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J Urol. 2008 Feb;179(2):556-60. Epub 2007 Dec 21.

Muscle tenderness in men with chronic prostatitis/chronic pelvic pain syndrome: the chronic prostatitis cohort study.

Author information

1
Cleveland Clinic, Cleveland, Ohio, USA.

Abstract

PURPOSE:

Myofascial pain is a possible etiology for category III chronic prostatitis/chronic pelvic pain syndrome, either secondary to infection/inflammation or as the primary cause. We documented tenderness on physical examination in a large multicenter cohort of patients with chronic pelvic pain syndrome and compared to controls.

MATERIALS AND METHODS:

Data were reviewed from the National Institutes of Health Chronic Prostatitis Cohort study on 384 men with chronic pelvic pain syndrome and 121 asymptomatic controls who had complete unblinded physical examination data from 7 clinical centers between October 1998 and August 2001. Tenderness in 11 sites including prostate, genitals, abdomen and pelvic floor together with prostate size and consistency was evaluated. Data were correlated with cultures and symptoms.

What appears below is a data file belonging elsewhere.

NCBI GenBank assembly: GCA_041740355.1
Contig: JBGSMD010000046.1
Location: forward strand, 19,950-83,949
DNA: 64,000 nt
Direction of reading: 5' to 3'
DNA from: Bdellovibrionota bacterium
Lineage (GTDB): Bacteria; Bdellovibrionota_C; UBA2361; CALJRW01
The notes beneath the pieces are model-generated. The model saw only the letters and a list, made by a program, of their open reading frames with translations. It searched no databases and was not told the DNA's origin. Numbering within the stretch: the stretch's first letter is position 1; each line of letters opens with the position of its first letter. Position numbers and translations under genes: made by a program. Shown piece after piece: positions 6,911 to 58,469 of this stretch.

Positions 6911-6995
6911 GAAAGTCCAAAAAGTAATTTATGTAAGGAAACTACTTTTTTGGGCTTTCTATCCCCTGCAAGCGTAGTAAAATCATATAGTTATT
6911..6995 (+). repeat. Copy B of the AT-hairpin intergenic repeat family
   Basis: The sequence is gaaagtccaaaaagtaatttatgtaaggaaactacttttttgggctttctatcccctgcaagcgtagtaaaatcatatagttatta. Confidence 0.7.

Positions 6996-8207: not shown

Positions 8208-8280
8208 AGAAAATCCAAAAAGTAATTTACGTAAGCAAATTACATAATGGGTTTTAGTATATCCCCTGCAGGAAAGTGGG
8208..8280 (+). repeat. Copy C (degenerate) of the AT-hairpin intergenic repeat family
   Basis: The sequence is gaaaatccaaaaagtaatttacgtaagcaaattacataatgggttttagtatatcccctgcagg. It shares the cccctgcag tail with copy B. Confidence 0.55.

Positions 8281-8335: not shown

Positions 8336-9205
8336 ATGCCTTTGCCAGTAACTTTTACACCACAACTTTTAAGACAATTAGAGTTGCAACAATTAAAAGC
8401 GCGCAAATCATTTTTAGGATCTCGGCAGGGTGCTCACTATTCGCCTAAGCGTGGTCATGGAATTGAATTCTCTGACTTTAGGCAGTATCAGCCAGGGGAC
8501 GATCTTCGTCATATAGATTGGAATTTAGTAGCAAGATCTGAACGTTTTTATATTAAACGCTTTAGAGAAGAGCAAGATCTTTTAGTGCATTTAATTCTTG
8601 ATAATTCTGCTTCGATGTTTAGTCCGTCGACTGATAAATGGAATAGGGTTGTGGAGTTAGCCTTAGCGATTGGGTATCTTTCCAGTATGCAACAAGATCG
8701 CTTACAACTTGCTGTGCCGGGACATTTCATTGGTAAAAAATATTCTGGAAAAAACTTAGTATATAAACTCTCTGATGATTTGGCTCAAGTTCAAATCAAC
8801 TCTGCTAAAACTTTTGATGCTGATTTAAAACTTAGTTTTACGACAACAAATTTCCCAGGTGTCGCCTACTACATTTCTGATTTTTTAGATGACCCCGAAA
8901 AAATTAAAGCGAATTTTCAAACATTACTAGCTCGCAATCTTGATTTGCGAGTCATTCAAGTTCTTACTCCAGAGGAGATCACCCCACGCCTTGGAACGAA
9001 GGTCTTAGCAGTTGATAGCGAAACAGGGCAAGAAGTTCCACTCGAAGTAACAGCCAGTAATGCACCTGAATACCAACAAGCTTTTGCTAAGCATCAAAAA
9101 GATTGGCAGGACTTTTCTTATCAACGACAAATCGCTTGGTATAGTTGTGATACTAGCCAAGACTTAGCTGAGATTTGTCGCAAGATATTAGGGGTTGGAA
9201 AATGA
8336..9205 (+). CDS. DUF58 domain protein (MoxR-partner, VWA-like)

RESULTS:

Overall 51% of patients with chronic pelvic pain syndrome and 7% of controls had any tenderness. The most common site was prostate (41% chronic pelvic pain syndrome, 5% controls), followed by external and internal pelvic floor (13% and 14% chronic pelvic pain syndrome, 0 controls) and suprapubic area (9% chronic pelvic pain syndrome, 0 controls). Of patients with chronic pelvic pain syndrome 25% had 1 tender site, 11% had 2 and 6% had 3 tender sites. Tenderness did not correlate with inflammation or infection in the prostate fluid. Prostate consistency was normal in 79% of patients with chronic pelvic pain syndrome and in 95% of controls, and did not correlate with symptom severity. Patients with chronic pelvic pain syndrome with any tenderness had significantly higher Chronic Prostatitis Symptom Index scores at baseline and at 1 year (24.1 vs 21.2 and 20.2 vs 17.5, p <0.0001) compared to patients without tenderness.

CONCLUSIONS:

Abdominal/pelvic tenderness is present in half of the patients with chronic pelvic pain syndrome but only 7% of controls. Extraprostatic tenderness may identify a cohort of patients with a neuromuscular source of pain.

PMID:
18082223
PMCID:
PMC2664648
DOI:
10.1016/j.juro.2007.09.088
[Indexed for MEDLINE]
Free PMC Article

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